Reproduction in selected New Zealand native ferns and their suitability for revegetation : a thesis presented in partial fulfilment of the requirements for the degree of Masters of Science in Plant Biology at Massey University, Palmerston North, New Zealand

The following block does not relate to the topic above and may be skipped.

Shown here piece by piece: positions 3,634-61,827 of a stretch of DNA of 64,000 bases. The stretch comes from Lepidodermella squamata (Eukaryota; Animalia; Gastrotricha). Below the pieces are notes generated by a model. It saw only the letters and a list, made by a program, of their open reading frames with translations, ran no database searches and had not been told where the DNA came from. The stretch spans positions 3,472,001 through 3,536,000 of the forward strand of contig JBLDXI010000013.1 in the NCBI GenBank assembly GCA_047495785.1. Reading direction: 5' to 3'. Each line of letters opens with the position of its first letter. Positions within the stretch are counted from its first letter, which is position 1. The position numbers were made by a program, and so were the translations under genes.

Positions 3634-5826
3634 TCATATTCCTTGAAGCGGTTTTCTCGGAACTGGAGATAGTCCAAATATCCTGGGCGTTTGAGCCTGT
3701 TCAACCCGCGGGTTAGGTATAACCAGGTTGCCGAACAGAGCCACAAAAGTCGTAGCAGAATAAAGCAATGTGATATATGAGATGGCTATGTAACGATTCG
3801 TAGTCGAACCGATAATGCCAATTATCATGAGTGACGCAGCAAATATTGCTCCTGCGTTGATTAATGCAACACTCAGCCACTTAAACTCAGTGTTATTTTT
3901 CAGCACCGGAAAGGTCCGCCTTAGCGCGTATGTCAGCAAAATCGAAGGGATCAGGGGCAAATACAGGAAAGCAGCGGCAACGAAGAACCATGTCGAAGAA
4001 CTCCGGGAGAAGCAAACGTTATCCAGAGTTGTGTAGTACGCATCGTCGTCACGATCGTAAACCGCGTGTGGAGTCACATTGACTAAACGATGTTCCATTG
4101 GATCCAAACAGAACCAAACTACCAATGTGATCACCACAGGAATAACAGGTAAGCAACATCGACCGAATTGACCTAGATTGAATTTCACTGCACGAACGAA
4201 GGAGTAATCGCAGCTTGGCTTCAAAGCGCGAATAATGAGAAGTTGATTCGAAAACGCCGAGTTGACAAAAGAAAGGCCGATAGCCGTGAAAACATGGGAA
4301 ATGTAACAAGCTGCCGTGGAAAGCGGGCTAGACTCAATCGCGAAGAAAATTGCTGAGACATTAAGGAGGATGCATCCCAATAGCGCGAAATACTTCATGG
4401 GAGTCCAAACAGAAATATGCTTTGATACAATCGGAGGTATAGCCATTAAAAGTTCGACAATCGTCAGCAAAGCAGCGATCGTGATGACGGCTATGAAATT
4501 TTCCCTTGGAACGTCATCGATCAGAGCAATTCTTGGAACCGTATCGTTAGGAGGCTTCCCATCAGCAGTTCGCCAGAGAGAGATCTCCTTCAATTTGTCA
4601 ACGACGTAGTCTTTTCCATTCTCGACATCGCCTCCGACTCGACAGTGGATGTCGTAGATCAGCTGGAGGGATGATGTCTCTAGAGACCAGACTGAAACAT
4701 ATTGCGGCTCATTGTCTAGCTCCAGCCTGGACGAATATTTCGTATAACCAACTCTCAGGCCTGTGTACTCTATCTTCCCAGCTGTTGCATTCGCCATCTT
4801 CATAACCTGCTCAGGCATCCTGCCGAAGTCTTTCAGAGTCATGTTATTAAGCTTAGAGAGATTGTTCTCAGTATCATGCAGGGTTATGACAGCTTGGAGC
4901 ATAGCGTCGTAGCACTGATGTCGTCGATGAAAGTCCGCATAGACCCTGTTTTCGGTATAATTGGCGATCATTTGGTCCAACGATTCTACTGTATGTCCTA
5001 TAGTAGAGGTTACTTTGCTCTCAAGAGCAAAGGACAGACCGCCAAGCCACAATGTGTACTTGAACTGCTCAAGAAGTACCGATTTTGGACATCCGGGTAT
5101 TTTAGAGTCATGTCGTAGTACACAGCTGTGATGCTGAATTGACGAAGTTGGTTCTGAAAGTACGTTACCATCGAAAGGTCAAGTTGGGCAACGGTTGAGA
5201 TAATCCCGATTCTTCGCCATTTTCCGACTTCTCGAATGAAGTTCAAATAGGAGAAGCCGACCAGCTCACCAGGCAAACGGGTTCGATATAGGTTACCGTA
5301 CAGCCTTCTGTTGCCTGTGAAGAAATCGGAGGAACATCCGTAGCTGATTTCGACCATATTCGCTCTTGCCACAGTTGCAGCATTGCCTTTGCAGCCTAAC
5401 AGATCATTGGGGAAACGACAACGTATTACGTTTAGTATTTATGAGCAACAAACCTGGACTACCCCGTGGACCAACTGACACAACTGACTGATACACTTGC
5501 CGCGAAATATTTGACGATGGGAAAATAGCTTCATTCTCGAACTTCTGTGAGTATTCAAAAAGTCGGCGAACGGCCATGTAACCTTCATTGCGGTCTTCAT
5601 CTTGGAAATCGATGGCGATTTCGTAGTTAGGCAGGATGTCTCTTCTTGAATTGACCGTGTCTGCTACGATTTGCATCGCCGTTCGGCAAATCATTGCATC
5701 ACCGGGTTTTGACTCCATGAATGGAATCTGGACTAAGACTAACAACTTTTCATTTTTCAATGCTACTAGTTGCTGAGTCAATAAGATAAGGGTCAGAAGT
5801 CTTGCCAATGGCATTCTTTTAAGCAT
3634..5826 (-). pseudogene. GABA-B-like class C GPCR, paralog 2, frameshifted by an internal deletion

The potential to use New Zealand native ferns for revegetation was assessed in laboratory , nursery and field experiments. Laboratory experiments indicated that the three native fern species. Blechnum novae-zelandiae. Cyathea medullaris and Dicksonia squarossa, had different maximum levels of spore germination. These differences also varied in response to seasonal changes in the environment. The effect of three soil conditioners on the germination of the same three species was minimal Gametophytes appeared to be tolerant of low levels of maceration, as they were able to continue to grow and develop normally. Additional laboratory experiments indicated that B. novae-zelandiae employs a mixed mating system, which utilizes an "antheridiogen" signal. The development of fern spores, laboratory propagated gametophytes and segmented rhizomes, was assessed in the nursery. Each experiment was applied with a hvdroseeding mix of paper fibre, tackifier. fertilizer and water Spore of B. novae-zelandiae. C. medullaris and D. squarossa failed to produce any long-lived gametophytes The survival of laboratory propagated gametophytes of B. novae-zelandiae. B. discolor and B. colensoi was low. However, a large proportion of surviving B. novae-zelandiae gametophytes produced sporophytes. B. novae-zelandiae rhizome segments produced healthy young ferns within 3 months of application. Field experiments were conducted on a sandstone/loess bank. 5 km east of Palmerston North. Aspects of the substrate were analysed including. pH. N, P and organic matter. The results indicated that the bank had a high soil pH, was deficient in several macronutrients and had no organic matter. Hydroseeding was applied using spore of the species B novae-zelandiae, C. medullaris and D. squarossa Hydroseeded spore failed to produce any visible gametophytes Rhizome experiments using B. novae-zelandiae and Microsorum pustulatum were also established. Low water availability resulted in poor rhizome establishment. The results suggest that there is great potential for utilizing native ferns in revegetation. Blechnum novae-zelandiae is the best species for revegetation in accordance to the results. Propagation via rhizome segmentation and gametophyte hydroseeding appear to be the most successful methods for establishing native ferns. This TIF project was carried out in conjunction with Rural Supply Technologies. Manaaki Whenua Landcare Research. Massey University and FoRST New Zealand.